An interesting story for the Victorian true crime genre. Florence Campbell had two disastrous marriages; her first husband Alexander Ricardo, an alcoholic, was abusive and neglectful. The second one, Charles Bravo, was arguably even worse. Both died while married to Florence. She was separated from Ricardo when he died in 1871; he basically drank himself to death. Bravo, however, was poisoned under mysterious circumstances in 1876.
More or less in between marriages Dr. Gully became Florence’s lover; he had a difficult marriage himself–his elderly wife was confined in an asylum. Florence, at least, was only ‘fooling around’ for a few months before Ricardo died; Gully remained married the entire time of his involvement with Florence.
He and Florence, at least, were simpatico. Apparently a rather charismatic figure, he had treated Florence for what was undoubtedly depression when she fled Ricardo. Owing to the arcane laws of the time, Gully was able to not only release her from his care, but in effect ‘adopt’ her, even though she was an adult. So, they had a wide open door to an affair, which was mostly good times for them.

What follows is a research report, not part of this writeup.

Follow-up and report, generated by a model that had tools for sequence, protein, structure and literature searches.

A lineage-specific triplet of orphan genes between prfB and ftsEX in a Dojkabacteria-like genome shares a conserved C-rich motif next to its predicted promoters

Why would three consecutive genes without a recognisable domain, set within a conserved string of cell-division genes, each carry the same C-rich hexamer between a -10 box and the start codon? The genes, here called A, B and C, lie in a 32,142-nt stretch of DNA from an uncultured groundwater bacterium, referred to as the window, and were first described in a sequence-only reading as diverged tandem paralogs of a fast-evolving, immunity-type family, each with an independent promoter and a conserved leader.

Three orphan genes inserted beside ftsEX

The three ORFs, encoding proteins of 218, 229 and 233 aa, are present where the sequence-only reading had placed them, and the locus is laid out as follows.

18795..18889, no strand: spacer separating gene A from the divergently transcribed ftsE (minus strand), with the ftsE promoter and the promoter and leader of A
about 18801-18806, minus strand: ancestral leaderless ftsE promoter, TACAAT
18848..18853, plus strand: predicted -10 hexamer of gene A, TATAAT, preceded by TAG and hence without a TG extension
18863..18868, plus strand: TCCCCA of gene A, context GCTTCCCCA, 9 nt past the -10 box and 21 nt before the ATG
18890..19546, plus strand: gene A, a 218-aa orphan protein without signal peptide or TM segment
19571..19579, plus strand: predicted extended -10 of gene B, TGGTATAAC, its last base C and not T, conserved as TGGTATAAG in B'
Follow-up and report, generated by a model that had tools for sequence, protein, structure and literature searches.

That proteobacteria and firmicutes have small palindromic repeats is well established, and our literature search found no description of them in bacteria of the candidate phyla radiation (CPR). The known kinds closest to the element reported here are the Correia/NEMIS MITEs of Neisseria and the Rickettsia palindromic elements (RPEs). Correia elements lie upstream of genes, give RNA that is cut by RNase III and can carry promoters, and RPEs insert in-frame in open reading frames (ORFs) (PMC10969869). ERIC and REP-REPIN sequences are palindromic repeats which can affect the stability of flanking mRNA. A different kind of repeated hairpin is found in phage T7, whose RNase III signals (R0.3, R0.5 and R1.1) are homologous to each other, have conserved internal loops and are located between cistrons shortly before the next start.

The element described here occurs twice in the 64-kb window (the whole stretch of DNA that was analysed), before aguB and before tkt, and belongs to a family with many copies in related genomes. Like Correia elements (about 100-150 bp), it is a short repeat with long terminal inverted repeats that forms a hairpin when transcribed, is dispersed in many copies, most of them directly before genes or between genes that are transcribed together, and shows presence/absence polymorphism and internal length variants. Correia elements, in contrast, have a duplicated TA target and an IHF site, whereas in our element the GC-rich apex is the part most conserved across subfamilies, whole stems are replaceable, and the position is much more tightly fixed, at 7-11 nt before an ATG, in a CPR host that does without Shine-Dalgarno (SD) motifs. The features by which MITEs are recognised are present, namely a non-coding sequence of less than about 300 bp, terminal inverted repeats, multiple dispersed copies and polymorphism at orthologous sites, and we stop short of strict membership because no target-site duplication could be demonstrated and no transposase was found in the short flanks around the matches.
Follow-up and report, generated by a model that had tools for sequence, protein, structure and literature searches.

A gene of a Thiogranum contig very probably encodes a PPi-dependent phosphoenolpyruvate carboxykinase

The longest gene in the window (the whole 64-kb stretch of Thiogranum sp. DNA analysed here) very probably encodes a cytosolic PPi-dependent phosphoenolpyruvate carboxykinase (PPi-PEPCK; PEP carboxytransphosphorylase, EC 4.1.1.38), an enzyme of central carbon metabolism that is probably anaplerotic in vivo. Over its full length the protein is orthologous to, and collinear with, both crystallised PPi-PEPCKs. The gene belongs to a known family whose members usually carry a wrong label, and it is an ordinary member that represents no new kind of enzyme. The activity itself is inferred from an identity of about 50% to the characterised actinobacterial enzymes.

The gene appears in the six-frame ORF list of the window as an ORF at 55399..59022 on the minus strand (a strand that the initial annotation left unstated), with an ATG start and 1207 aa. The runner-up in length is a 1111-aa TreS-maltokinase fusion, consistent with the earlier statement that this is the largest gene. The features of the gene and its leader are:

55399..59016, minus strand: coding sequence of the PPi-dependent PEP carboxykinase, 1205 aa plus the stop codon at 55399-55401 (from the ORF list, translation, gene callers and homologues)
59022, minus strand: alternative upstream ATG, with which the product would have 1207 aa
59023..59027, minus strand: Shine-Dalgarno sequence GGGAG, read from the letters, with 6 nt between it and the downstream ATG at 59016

Her pregnancy, and his botched abortion of it, not only meant the end of their affair, but led to subsequent miscarriages. Her extremely devoted lady-companion Jane Cox, a sort of hired wing-man, if I’m deducing Victorian domestic service roles correctly enough, introduced Florence to her late husband’s former employer’s family, the Bravo’s, specifically her contemporary, Charles Bravo.
Jane, by all accounts here, was a very capable, smart person, but was completely wrong in reading Bravo’s character. In short, he was a jerk. And though his family had a huge business empire, there were money problems; he sized her up as an attractive piggy-bank. Anyway, having been doubly disgraced already by Ricardo’s disgusting behavior, not to mention the revelation of her affair with her former doctor, she had no choice, given the boxed-up mores of the time, but to agree to marry Bravo, if she were to maintain her status as an upper-class woman.
Bravo quickly showed his true colors–haughty, arrogant, dismissive–and that just to the servants. To Florence he was plainly abusive: physically, sexually, and emotionally. Furthermore, he attempted, not completely successfully, to gain control of Florence’s fortune (she’d been lucky enough that Ricardo still had considerable wealth, and that he didn’t change his will). Even though he had some respect for Jane, as she’d brought Florence to him, he was deeply jealous of their close friendship.